Charcoal dealers in Narok town want the government to assist them start alternative businesses after banning the sale of charcoal and other forest products two months ago.
Over one hundred women whose livelihood depended on charcoal gathered at Narok Town Assistant County Commissioner (ACC)’s office where they lamented that since the ban, their families have suffered poor nutrition and children failed to sit for the end of term examination due to pending school fees.
Ms. Grace Partoip from Olopito area said she began the charcoal business back in 2010, and sustained her family through the little income she got from the enterprise.
Ms. Partoip said she used stocks from the bushes in her farm to make charcoal and at no time has she ever gone to the forest to destroy trees.
I have never gone to the forest to cut trees or burn charcoal. I got charcoal from the bush in my farm which I have been slowly cleared for farming. I am wondering my next move after the ban of charcoal business, she said.
Ms. Ann Sankok from Olpopong area pleaded with the government to help the women find alternative means of earning income, saying her form one girl was sent to collect school fees but was forced to remain at home as her family totally depended on charcoal.
I am a widow and the only sole bread winner of my family. I have five children who depend on me and my only means of earning income was from the sale of charcoal, to this end, I am pondering my next move, she lamented.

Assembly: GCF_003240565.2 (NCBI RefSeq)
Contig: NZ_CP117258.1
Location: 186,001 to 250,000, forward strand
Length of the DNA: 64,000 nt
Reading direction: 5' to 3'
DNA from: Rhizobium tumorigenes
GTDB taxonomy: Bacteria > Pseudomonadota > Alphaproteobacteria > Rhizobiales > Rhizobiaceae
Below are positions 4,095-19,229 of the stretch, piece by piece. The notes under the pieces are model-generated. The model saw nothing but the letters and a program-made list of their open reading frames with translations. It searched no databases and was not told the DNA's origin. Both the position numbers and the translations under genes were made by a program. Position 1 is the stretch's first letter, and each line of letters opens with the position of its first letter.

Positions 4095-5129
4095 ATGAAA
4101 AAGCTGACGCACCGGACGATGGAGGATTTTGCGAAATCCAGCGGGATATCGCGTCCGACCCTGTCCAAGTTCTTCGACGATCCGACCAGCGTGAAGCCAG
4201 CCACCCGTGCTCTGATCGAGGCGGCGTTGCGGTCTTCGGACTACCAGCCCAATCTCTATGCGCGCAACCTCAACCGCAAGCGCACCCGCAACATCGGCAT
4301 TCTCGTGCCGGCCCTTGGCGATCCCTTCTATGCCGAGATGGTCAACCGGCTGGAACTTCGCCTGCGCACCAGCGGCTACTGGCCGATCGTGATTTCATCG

She said what was more worrying is the immediate ban imposed on them without a prior notice that would enable them save enough money to begin alternative businesses.
The women threatened to continue with the illegal business if the government doesn’t help them create alternative jobs.
The Narok Town Assistant County Commissioner (ACC), Ms. Zam Zam Adams sensitised the women on the need to conserve the forest and bushes saying failure to protect and plant more trees will lead to prolonged dry spell.
She advised the women to form groups to access government loans from Women fund, Uwezo fund, youth funds or the National Government Affirmative Action Fund (NGAAF).
The government did not ban charcoal business because it hates its people, it is because of the benefits that comes with trees and having bushes around. We want every woman to take advantage of the loans given to groups by the government so as to start small scale business like poultry, bee keeping and daily goat farming, she advised.
This comes at a time when the Narok governor, Samuel Tunai has commended the efforts of the security officers to reduce logging and charcoal burning in the forests in the area.
He said the numerous bags of charcoal that were being transported from Nyakweri, Mau and Emenengio forests has reduced drastically since operation to guard the forests almost two months ago.
Hundreds of charcoal bags that were being transported on a daily basis from the forests have now stopped. This is a major step in fighting against deforestation, he said.
Source: Kenya News Agency